April 19, 2006 (UNITED NATIONS) — The United States submitted a draft resolution in the UN Security Council urging targeted sanctions against four Sudanese officials blamed for the bloodshed in Darfur.
- An aerial view of the destroyed Seraf village, in west Darfur along the Sudan and Chad border, April 22, 2005. (Reuters).
The text, which did not name the four individuals or give their rank, was circulated among the council’s 15 members as the chief mediator in Darfur peace talks said that the conflict was "ripe for resolution" in view of Khartoum’s new flexibility.
The sanctions involve an assets freeze and travel restrictions on the four persons for their alleged role in the Darfur violence, which Washington calls genocide.
They were to have been adopted at the end of a 48-hour silence procedure launched by the council’s sanctions committee, which expired at 4:00 pm (2000 GMT) Monday, provided no council member objected.
But Russia and China said Monday that the time was not right for the sanctions in view of ongoing African Union-brokered Darfur peace talks in Abuja, Nigeria.
US Ambassador John Bolton therefore introduced the resolution Tuesday to circumvent the opposition from Russia and China with the hope that the two countries would not veto the text.
"We are going to talk about it tomorrow," Bolton said. A resolution requires nine votes and no veto from the five permanent members — Britain, China, France, Russia and the United States.
The US draft said that the targets were one official linked to the Sudanese Air Force, another to the Jalul Tribe in northern Darfur and two others to two Darfur rebel groups, the Sudanese Liberation Army and the National Movement for Reform and Development.
Bolton said their names would be released once a consensus emerges on the draft and it is ready for adoption.
The names were submitted by the council’s sanctions committee more than a year after the council adopted Resolution 1591, which authorizes measures against people committing atrocities or undermining peace efforts in Sudan’s western region.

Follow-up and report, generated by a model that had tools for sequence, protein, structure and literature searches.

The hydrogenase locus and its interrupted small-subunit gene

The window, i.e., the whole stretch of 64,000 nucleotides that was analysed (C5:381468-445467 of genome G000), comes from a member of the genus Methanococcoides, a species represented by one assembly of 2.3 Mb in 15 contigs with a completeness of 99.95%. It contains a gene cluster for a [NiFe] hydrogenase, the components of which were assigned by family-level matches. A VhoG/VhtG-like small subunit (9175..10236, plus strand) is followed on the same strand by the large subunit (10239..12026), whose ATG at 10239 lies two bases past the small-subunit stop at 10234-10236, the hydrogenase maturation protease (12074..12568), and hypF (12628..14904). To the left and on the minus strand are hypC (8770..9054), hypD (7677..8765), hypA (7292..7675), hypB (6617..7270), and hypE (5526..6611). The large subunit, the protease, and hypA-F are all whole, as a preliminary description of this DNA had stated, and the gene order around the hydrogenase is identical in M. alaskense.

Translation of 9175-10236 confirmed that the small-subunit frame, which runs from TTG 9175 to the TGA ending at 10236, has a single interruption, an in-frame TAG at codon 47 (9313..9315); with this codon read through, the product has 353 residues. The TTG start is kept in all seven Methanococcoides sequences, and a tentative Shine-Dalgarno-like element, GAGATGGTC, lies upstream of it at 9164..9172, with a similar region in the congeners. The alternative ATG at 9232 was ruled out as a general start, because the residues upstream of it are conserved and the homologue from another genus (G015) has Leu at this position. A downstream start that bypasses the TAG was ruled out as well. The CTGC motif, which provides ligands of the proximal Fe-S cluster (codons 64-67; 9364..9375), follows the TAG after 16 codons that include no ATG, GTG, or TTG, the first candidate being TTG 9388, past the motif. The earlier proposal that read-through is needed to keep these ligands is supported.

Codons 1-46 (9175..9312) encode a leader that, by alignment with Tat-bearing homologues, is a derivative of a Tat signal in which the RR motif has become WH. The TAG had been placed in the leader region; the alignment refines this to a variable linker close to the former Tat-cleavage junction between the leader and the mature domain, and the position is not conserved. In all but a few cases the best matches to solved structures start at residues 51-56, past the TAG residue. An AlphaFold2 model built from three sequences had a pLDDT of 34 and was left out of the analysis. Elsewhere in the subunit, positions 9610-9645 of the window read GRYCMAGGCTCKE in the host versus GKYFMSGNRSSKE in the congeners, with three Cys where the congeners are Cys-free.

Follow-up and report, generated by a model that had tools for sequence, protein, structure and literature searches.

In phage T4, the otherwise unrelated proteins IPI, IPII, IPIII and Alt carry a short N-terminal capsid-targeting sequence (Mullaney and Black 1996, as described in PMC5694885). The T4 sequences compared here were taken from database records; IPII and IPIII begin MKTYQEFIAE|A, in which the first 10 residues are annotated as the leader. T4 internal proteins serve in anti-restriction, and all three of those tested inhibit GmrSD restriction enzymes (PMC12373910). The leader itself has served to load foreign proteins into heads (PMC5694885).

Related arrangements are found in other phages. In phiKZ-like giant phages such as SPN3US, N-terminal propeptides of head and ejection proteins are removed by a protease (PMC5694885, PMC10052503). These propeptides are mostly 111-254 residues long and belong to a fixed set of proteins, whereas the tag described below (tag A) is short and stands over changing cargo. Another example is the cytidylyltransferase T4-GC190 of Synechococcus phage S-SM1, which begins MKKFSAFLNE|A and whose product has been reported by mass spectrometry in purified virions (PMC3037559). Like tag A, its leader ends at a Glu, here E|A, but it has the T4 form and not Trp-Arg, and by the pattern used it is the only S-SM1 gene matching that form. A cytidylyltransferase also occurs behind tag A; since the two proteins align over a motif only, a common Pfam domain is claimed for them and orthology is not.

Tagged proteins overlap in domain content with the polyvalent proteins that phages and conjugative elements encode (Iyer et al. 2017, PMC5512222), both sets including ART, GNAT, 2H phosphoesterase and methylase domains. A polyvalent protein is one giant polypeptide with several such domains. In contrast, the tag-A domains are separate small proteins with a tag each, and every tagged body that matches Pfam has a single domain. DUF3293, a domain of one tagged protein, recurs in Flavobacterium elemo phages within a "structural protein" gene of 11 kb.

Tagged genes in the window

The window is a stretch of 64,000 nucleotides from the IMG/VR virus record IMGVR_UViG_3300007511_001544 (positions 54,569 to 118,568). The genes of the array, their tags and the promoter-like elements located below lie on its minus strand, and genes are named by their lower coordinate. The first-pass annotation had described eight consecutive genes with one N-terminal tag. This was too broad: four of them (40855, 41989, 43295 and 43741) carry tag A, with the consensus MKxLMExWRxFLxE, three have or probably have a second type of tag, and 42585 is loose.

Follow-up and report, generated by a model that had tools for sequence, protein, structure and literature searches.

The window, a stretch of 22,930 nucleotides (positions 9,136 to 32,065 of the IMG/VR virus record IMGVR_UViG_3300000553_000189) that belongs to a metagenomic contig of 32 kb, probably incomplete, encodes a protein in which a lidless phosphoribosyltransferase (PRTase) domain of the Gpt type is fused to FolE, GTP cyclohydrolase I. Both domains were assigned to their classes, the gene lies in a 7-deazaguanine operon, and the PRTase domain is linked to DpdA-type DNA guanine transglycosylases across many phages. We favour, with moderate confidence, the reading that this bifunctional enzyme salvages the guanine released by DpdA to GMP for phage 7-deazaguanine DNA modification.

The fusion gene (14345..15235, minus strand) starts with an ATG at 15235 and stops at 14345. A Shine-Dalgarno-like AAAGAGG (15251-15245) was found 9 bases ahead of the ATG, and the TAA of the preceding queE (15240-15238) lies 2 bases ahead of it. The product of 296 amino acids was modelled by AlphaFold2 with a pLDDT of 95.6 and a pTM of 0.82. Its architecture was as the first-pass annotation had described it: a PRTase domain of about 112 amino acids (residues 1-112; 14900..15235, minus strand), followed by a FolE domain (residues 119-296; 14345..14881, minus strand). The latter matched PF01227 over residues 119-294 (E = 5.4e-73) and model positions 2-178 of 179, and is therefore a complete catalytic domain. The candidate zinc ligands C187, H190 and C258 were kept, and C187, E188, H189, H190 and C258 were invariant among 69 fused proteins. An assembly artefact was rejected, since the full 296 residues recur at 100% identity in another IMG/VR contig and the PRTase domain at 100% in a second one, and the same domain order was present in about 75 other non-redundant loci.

In Washington, State Department spokesman Sean McCormack said: "I have to remind people that there have been heinous crimes that were committed (in Darfur). It is time to start to hold people responsible for those crimes and for the actions that they have taken ... We believe that it’s time to act."
But briefing the Security Council on the Abuja peace talks, AU mediator Salim Ahmed Salim of Tanzania said: "The conflict in Darfur... seems at last to be ripe for resolution."
He told the council that Khartoum was showing some flexibility on the key issues of power and wealth sharing as well as security arrangements.
"For the first time there are intensive bilateral and direct discussions between the parties, as well as meetings facilitated by the (AU) mediation," he said. "We are hopeful that the differences can be narrowed."
Asked what impact sanctions might have on the peace process, Salim said: "Sanctions can be an effective instrument in conveying the message, particularly for those who are spoilers of the peace process."
"But sanctions can also help to harden the position of some of those involved," he added. "One has to strike the right balance ... It is up to the Security Council to say (whether) the sanctions should be imposed."
Monday, China’s UN envoy Wang Guangya, the president of the council for April, argued that "this is not the right moment" to impose the sanctions in view of the ongoing Abuja talks.
The Abuja talks, now in their seventh round, had until now made little progress but both the United Nations and the African Union are putting pressure on the parties to strike a deal and conclude the talks by the end of this month.
Salim meanwhile pleaded with council members to ensure that once a comprehensive ceasefire accord is signed, they will extend "maximum support to the cash-strapped AU peacekeeping force in Darfur (AMIS) to enable it to cope with additional responsibilities".
UN officials are preparing to send peacekeepers to Darfur by the end of the year or at the beginning of 2007 to take over from the AMIS force, which has failed to restore peace in the vast western Sudanese region.
But Sudanese President Omar al-Beshir is strongly opposed to the UN mission.
Three years of fighting between rebels and Khartoum-backed militias in Sudan have left up to 300,000 people dead and two million displaced.